the defendants attacked the jurisdiction of the court. In 2000,
the court granted the motions of two of the defendants, UAP-
Vie of France and Der Anker Allgemeine Versicherungs AG
of Austria, to dismiss for lack of personal jurisdiction.63 Less
than a week after the Der Anker dismissal, the court thwarted
a jurisdictional attack by eighteen of the remaining twenty-
two defendants by granting the plaintiffs leave to amend
their complaint.64
    Nevertheless, intervening events again overran the case.
In the fall of 2000, negotiations between the United States,
        59
            Cornell v. Assicurazioni Generali S.p.A., 97 Civ. 2262
(S.D.N.Y. 1997).
         60
            Marilyn Henry, Holocaust Survivors Sue Generali in U.S.
Class Action, JERUSALEM POST, Apr. 1, 1997, at 12.
         61
            See Meg Fletcher, Holocaust Settlement Collapses, BUS. INS.,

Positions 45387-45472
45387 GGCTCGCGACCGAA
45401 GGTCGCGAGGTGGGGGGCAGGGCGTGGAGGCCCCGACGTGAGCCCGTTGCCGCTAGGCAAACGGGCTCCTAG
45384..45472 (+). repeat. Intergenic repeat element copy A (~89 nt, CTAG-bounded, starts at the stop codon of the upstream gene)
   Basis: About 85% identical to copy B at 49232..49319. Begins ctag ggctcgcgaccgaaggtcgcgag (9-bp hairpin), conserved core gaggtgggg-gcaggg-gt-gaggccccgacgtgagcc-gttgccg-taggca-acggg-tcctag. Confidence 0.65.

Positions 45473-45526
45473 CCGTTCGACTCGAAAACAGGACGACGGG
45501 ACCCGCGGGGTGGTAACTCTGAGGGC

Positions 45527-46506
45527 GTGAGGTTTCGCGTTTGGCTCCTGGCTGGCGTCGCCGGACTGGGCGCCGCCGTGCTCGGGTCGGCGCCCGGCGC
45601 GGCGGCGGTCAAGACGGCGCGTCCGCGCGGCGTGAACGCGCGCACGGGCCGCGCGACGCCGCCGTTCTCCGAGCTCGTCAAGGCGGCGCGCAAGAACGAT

Sept. 28, 1998, at 2; John Authers, Deal Sought Over Holocaust
Insurance, FIN. TIMES (London), May 5, 1999, at 3.
         62
            See discussion infra notes 122-124.
         63
            Cornell v. Assicurazioni Generali S.p.A., 2000 U.S. Dist.
LEXIS 2922 (S.D.N.Y. Mar. 16, 2000) (dismissing UAP-Vie); Cornell v.
Assicurazioni Generali S.p.A., 2000 U.S. Dist. LEXIS 11004 (S.D.N.Y.
Aug. 7, 2000) (dismissing Der Anker).
         64
            Cornell v. Assicurazioni Generali S.p.A., 2000 U.S. Dist.
LEXIS 11991 (S.D.N..Y. Aug. 22, 2000).
308               NEW ENG. J. INT’L & COMP. L.                 [Vol. 9:1


Germany, and several major Jewish organizations resulted in
a series of settlements known as the “Berlin Agreements.”65
Among other things,66 these agreements stipulated that all
“German” companies would henceforth be immune from
Holocaust-related litigation in the United States.67 Due to the